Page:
Global Relief Technologies Unveils Operations Center to Support Disaster Response Activities

Portsmouth, N.H. August 14, 2006 – U.S. Senator John Sununu and Congressman Jeb Bradley joined Global Relief Technologies (GRT) on August 11, 2006, in unveiling the GRT Virtual Network Operations Center (VNOC).  Michael Gray, GRT’s CEO introduced the Senator and Congressman to the VNOC, a centralized command facility where GPS-referenced data, including satellite imagery, is collected and transmitted between emergency responders and operations centers during natural or man-made disasters.

“From assisting in Hurricane Katrina relief efforts, to aiding the tsunami-ravaged regions off the Indian Ocean, to supporting this country’s military and humanitarian relief efforts, Global Relief Technologies has a demonstrated understanding of the communications technology that is effective in helping to save lives at home and abroad” said Senator John Sununu. “The Portsmouth-based firm stands to take its innovation and skill far into the future to the benefit of thousands.”

U.S. Rep. Jeb Bradley also pointed to the technology’s many benefits.  "It’s a pleasure to join with Michael Gray to celebrate the opening of Global Relief Technologies’ new command center at Pease Tradeport today,” he said. “GRT does outstanding work on behalf of first responders and reconstruction personnel, and the development of their hand-held PDAs provides a critical capability to our first responders, while at the same time brings high quality jobs to the State of New Hampshire.”

Invited guests were able to view demonstrations which illustrate how GRT products & services enable emergency, military and field service professionals located anywhere in the world, to rapidly and securely collect and analyze mission-critical data in standardized reporting formats using handheld PDA applications. These hand-held computers are equipped with geographic information systems (GIS), therefore allowing relief effort personnel in remote locations to receive satellite imagery in real-time to near real-time, annotate it with reports of conditions on the ground and forward the updated information to command centers using affordable and integrated mobile satellite/cellular communications.

GRT’s integrated solution combines handheld PDA survey applications for field workers, GIS mapping imagery, timely satellite imagery and near real-time GPS tracking with a web-based information management center, or VNOC for data hosting, analysis and reporting.  The data is securely transmitted to and from the hand-held PDA, via cellular, internet or mobile satellite terminals.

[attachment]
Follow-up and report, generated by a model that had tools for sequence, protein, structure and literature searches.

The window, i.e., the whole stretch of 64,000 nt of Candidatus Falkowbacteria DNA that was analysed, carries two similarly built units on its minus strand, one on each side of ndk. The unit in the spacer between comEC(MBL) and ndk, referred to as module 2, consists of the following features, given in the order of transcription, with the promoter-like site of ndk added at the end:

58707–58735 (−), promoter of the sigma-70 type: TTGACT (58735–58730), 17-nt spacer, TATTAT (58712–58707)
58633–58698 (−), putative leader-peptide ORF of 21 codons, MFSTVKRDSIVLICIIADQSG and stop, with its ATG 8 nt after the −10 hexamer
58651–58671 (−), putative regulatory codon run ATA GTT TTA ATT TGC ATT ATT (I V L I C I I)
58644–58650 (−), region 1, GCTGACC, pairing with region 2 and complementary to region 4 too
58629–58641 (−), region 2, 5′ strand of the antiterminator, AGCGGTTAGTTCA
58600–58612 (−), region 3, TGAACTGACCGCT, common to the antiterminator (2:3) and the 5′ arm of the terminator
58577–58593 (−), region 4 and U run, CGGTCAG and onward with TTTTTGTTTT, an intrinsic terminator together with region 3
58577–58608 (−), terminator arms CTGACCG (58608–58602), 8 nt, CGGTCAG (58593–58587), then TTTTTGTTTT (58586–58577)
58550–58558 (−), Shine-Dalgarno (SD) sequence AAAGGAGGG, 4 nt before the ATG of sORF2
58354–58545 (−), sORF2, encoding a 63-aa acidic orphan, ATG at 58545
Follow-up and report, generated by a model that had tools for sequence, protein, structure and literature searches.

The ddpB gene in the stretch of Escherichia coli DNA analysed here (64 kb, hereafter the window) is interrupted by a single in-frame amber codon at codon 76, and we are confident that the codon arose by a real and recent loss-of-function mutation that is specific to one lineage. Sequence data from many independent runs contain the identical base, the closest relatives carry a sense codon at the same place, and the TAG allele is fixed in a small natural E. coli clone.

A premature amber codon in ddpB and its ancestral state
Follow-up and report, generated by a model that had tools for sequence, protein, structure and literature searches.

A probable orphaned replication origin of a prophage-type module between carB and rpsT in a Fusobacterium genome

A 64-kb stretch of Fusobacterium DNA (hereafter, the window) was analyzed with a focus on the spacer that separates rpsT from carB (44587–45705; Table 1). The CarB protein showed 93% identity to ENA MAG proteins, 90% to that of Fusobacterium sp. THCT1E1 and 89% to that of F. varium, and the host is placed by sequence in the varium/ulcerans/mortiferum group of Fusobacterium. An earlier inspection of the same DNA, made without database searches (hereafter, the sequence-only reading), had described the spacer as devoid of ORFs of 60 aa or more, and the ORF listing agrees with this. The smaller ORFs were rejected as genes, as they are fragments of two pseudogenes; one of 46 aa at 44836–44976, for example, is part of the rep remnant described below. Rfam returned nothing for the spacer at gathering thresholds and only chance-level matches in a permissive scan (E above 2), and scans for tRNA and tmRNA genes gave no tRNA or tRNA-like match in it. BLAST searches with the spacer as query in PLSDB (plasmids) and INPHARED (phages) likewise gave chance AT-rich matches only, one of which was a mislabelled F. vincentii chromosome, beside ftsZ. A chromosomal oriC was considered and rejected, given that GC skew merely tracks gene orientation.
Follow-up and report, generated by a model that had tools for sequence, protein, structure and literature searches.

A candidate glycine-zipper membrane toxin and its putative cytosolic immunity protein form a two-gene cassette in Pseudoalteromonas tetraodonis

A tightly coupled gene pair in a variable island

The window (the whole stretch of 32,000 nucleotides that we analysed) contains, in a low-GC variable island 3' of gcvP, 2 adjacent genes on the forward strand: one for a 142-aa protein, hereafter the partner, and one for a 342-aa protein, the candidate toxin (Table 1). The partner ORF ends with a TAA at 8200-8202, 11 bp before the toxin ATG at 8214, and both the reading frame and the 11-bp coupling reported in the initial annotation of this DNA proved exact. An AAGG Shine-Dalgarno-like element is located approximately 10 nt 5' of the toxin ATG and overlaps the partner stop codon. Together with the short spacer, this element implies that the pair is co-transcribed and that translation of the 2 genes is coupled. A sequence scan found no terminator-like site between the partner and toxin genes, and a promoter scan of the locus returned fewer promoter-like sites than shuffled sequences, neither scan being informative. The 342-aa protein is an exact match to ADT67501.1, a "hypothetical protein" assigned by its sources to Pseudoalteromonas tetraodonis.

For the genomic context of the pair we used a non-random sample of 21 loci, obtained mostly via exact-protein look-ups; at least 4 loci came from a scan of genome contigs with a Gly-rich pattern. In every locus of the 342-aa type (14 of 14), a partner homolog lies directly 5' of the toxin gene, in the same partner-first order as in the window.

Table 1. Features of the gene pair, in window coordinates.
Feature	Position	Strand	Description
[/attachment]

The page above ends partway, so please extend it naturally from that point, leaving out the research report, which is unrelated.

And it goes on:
Gray, who has a professional background that includes disaster relief efforts said, “Our ultimate aim is to empower field workers with the ability to rapidly collect and move time sensitive data from the field to decision makers to ensure that field operators get timely information, while on the move if necessary, that can support their operations no matter where they are located.”

GRT technology is already in use in the following applications:
• Assisting U.S. Marine Corps logistics operations in disaster response.
• Providing communications technology to prepare for disaster response in Houston and Galveston, Texas.
• Supporting the Center for Strategic and International Studies (CSIS) program for reconstruction in Afghanistan.
• Working with Telenor Satellite Services to support the international humanitarian and reconstruction community.
• Aiding Raytheon’s programs that support border control for Homeland Security and protecting the U.S. troops in Iraq.

In addition, GRT’s Rapid Data Management Software is used by the humanitarian community, environmental, energy engineering and construction firms, emergency medical sectors, defense and security organizations. GRT was most recently called upon by the United States Marine Corps to help in the tracking and response to suspected outbreaks of the Avian Bird Flu in the Pacific and Indian Ocean regions. GRT assistance has proven critical to decision makers and first responders operating in remote and often dangerous areas around the world. 

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